ShareThis Page

Kovacevic: U.S. won't hold back vs. 'Bully'

| Friday, Feb. 14, 2014, 12:46 p.m.
Getty Images
Evgeni Malkin of Russia looks on against Slovenia during the Men's Ice Hockey Preliminary Round Group A game on day six of the Sochi 2014 Winter Olympics at Bolshoy Ice Dome on Thursday. Feb. 13, 2014, in Sochi, Russia.
Russian fans have their lunch prior to the start of a women's curling competition at the 2014 Winter Olympics, Monday, Feb. 10, 2014, in Sochi, Russia. (AP Photo/Robert F. Bukaty)

SOCHI, Russia — What's most amazing is that they never cringe.

Setting aside everything that makes the NHL's participation in the Olympics so wonderful, all the passion, the national pride, the unprecedented level of competition … it still blows me away at every Games how no GM, coach or player seems to pause or hesitate when discussing going head-on against a professional teammate — often a close friend — in a highest-of-stakes game.

It's as if it's taboo.

Or, as I strongly suspect, it's as if they genuinely don't mind all that much.

Brooks Orpik, Paul Martin and the United States will take to the ice Saturday against Evgeni Malkin and Russia at a throbbing Bolshoy Ice Dome amid 12,000 flag-waving, full-throated partisans. It's only the second round-robin game, but it should be tremendous. News reports here are building this up as Revenge for the Miracle or something similarly silly. It isn't that, and nothing ever will be. But it is huge.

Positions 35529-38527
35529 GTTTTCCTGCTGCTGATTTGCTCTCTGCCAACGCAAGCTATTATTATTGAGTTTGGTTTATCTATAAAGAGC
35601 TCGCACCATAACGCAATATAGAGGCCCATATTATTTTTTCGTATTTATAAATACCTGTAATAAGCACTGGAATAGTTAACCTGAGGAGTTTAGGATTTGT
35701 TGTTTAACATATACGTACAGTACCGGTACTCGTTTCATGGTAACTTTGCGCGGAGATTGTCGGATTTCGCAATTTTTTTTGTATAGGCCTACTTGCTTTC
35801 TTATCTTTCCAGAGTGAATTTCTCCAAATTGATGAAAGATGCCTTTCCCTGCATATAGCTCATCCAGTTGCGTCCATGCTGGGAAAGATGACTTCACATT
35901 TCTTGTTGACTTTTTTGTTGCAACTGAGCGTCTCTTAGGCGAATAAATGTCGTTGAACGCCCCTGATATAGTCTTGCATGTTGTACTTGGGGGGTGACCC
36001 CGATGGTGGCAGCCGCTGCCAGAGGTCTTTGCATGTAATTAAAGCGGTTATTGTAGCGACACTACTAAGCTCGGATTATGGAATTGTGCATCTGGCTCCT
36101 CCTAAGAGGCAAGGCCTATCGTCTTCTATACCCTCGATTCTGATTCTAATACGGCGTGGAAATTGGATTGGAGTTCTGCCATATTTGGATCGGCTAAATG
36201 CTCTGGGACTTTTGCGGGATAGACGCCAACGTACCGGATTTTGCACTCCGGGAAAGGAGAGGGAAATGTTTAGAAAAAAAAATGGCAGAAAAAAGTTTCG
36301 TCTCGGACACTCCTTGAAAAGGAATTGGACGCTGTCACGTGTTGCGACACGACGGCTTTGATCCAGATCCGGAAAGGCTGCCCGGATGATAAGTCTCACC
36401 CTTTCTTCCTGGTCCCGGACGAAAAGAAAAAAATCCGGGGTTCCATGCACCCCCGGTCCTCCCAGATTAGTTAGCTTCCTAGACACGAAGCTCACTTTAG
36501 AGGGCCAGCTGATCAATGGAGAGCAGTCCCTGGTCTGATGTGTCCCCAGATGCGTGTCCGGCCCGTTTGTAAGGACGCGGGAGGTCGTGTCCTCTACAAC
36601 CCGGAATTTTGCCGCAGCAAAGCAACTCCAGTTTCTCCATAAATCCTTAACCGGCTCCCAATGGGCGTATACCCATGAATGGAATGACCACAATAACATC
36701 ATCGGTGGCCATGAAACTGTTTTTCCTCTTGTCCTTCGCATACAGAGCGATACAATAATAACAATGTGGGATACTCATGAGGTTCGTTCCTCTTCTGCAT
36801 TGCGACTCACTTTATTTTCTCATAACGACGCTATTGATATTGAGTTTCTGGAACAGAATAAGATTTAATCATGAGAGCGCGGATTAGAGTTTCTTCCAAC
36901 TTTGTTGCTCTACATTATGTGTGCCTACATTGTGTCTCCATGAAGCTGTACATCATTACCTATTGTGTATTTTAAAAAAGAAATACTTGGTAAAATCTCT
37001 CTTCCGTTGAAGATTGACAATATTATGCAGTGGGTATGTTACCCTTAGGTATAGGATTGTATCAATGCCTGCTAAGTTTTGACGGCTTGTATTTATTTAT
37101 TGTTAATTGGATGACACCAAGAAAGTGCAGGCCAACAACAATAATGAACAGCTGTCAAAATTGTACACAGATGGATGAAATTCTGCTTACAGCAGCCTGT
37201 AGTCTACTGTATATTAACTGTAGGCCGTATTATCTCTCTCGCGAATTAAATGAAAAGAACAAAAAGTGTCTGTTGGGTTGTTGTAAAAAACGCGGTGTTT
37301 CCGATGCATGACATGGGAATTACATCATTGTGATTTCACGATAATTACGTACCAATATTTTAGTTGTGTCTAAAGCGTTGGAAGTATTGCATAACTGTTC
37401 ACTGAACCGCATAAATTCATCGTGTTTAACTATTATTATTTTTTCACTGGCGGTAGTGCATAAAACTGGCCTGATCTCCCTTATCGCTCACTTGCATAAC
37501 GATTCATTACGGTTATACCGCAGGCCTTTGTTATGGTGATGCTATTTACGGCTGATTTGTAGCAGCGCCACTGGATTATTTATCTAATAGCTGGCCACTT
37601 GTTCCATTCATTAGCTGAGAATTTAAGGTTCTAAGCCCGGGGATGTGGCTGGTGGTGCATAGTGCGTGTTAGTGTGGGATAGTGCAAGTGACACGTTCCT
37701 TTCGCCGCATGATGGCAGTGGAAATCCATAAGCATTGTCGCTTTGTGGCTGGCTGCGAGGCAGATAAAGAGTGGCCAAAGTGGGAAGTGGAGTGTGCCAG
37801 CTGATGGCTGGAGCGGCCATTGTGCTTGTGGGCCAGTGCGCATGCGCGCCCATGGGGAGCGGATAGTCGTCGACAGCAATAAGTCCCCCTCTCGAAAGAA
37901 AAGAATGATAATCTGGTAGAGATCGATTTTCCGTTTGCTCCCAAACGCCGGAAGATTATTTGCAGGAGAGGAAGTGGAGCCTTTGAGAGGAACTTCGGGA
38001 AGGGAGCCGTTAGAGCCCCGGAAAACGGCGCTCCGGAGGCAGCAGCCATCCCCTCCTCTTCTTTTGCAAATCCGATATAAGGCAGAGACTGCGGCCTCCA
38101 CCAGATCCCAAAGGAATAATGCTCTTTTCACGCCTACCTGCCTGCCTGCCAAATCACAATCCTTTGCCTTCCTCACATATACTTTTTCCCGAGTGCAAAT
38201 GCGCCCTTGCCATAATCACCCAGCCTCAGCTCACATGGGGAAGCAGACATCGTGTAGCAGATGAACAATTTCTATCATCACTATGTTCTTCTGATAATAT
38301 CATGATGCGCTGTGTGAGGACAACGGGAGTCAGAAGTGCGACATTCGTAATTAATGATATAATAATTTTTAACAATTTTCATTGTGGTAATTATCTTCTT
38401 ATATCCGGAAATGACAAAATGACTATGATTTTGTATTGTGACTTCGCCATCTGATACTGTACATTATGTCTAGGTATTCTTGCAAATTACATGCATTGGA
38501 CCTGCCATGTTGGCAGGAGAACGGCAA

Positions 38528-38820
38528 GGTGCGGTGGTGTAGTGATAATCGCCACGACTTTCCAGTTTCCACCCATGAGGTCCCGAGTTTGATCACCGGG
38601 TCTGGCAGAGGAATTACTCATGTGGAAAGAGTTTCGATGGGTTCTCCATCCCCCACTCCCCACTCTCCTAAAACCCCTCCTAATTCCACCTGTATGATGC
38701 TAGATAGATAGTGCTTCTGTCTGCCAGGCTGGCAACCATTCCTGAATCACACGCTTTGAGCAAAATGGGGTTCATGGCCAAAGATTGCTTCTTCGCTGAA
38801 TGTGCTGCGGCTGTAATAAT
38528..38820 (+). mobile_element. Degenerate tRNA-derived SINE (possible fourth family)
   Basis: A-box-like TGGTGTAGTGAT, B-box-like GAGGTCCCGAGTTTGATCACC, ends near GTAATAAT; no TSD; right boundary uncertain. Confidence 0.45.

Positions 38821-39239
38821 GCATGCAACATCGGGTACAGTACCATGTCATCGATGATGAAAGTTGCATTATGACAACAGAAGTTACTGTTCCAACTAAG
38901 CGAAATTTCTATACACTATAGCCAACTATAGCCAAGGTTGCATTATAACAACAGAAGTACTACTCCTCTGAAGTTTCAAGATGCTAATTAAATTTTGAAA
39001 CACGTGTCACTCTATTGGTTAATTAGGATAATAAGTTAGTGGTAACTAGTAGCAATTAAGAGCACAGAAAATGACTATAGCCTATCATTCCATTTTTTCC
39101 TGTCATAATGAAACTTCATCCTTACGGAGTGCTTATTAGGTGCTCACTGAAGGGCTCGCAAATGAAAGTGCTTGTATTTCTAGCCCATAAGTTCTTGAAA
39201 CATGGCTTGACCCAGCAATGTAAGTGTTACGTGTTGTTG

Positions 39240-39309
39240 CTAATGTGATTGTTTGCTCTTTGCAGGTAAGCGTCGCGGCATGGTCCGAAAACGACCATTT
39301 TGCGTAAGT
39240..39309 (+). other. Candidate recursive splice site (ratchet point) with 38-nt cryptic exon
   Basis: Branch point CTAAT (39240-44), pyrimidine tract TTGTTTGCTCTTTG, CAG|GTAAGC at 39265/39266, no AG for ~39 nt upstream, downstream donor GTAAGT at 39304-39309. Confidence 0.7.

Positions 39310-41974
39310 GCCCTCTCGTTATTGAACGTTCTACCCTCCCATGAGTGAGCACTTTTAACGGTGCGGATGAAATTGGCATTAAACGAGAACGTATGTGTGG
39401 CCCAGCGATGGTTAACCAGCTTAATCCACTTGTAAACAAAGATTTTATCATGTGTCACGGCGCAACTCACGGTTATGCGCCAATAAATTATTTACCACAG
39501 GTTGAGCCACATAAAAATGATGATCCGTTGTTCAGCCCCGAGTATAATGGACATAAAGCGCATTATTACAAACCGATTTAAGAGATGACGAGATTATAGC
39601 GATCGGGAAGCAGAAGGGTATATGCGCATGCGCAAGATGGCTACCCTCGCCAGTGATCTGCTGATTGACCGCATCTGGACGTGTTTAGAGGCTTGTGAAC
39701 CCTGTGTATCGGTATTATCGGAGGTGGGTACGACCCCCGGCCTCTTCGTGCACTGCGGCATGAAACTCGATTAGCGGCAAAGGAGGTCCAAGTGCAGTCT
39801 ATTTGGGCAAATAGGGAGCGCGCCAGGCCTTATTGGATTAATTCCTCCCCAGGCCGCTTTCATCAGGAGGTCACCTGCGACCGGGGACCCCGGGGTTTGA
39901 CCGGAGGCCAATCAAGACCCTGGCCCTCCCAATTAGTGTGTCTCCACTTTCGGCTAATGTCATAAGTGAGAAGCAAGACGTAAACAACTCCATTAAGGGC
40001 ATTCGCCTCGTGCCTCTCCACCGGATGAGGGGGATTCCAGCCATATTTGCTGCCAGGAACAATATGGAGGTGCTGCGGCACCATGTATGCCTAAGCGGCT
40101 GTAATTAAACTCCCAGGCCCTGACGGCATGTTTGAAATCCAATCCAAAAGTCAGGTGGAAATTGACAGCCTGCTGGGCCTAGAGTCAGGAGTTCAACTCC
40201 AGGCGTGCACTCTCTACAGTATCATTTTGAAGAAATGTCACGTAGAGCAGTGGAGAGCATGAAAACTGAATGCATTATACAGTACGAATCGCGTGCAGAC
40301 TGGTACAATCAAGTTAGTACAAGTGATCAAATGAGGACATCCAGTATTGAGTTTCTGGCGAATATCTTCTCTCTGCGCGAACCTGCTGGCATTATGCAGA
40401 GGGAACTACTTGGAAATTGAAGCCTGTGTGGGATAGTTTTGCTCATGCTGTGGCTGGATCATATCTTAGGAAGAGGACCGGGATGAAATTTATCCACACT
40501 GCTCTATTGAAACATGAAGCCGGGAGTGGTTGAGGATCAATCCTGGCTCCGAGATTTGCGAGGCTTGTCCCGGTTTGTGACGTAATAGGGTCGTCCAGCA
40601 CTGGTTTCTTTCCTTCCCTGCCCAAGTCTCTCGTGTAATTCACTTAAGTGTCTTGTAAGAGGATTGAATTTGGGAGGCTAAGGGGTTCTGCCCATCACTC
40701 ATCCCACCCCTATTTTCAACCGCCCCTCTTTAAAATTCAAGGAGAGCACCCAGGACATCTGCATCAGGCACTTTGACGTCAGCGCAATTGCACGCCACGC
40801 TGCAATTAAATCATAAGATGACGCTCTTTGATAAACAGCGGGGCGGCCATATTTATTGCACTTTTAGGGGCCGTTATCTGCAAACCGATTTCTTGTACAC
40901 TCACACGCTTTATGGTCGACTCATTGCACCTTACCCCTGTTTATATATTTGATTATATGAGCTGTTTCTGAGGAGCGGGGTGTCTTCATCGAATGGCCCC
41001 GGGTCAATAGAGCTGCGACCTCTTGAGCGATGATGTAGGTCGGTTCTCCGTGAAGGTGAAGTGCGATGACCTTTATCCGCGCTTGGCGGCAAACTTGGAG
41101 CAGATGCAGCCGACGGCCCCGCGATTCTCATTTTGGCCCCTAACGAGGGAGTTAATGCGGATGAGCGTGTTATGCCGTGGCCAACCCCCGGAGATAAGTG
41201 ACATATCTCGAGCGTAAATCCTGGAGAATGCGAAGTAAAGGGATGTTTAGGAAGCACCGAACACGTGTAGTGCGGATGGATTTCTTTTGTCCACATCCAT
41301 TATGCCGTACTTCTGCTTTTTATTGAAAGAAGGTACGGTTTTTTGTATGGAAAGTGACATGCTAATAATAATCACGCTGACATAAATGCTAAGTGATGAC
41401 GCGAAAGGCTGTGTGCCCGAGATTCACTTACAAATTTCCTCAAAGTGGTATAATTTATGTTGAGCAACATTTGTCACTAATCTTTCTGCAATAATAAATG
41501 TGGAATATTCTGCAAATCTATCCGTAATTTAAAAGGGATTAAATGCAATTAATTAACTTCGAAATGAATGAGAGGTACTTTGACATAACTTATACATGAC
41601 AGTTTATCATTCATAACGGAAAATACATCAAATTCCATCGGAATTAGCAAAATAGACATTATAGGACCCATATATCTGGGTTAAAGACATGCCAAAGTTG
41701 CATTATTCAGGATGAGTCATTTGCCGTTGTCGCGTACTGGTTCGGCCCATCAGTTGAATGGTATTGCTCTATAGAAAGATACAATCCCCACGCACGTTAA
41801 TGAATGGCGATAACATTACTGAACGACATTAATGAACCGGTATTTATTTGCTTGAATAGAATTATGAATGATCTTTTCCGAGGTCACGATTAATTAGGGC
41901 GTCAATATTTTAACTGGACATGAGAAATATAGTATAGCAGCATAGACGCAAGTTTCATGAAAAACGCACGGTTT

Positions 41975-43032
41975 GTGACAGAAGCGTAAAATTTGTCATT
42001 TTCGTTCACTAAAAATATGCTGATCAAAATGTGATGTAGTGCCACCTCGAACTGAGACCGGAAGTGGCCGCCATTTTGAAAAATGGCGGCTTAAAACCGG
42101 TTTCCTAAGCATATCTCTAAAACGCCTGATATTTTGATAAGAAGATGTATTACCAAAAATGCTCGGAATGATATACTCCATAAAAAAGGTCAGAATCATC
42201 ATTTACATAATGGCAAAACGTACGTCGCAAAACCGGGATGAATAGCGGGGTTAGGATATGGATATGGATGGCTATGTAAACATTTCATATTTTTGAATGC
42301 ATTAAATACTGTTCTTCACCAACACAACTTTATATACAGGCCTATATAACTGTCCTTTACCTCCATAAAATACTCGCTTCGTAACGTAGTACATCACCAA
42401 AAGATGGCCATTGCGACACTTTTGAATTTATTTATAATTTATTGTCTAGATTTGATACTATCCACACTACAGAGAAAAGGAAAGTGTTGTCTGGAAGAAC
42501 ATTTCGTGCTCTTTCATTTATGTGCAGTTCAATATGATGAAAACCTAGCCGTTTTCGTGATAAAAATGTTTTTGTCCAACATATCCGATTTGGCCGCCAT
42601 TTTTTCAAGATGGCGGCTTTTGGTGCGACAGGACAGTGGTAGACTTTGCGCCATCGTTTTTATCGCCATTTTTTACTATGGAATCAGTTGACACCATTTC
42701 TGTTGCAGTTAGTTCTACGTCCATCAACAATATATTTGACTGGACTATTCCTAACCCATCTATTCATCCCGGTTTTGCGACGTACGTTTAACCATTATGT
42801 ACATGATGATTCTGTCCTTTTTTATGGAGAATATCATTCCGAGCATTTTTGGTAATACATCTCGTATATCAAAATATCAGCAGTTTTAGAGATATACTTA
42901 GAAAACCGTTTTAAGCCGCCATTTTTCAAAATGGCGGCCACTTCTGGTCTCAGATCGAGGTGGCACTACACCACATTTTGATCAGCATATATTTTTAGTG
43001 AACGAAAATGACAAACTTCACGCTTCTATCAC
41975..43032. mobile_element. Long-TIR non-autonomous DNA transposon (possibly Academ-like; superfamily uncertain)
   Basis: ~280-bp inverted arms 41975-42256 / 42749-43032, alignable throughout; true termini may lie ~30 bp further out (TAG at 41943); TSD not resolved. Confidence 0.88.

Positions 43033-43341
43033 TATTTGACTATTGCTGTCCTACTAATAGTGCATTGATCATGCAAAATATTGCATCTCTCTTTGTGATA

“I doubt that any of our guys will ever have been in an atmosphere like this one,” coach Dan Bylsma said after practice Friday. “It'll feel like they packed the whole Russian nation in here.”

OK, so it'll be like the peaks of the Caucasus Mountains. Like the whole of Siberia. Like Vladimir Putin's mirror.

(Sorry. A week in Russia, and the Putin jokes roll right off the tongue. Try the borscht.)

Now, add this: Bylsma is responsible for scheming against Malkin. And after practice, Orpik and Martin told me they expect to be paired for the first time in the Olympics. That can't be an accident. Bylsma wouldn't confirm, but he conceded Orpik and Martin might be paired based on “some opponents and matchups,” and that their familiarity with Malkin and/or Sidney Crosby could be “useful.”

Translation: Orpik and Martin — in particular Orpik — will be deployed Saturday to get after Malkin.

Makes sense. Malkin can lose it from time to time and not just against the Flyers. It's a regular occurrence in the playoffs. So if Bylsma additionally sends out a nails-on-chalkboard checking center such as David Backes, he can make Malkin's life as hellish as allowed by the rules. Or beyond.

Bylsma's reply when the topic of facing his Pittsburgh stars is raised: “Geno and Sid are great players. We'll have our hands full in going against players of that caliber. We won't beat teams with skill. We know that. We have to be who we are. We have to be abrasive, get in teams' faces.”

Getting this?

The coach of the Penguins is plotting to get in his stars' faces?

Now flash back to last summer, and it was Ray Shero having a big hand in crafting the U.S. roster after all the Olympic round-robin matchups were known. That means at least some fringe players could have been brought on for certain matchups.

All Shero would say to that: “We brought in players for very specific roles. We know who they are, and we know why we need them.”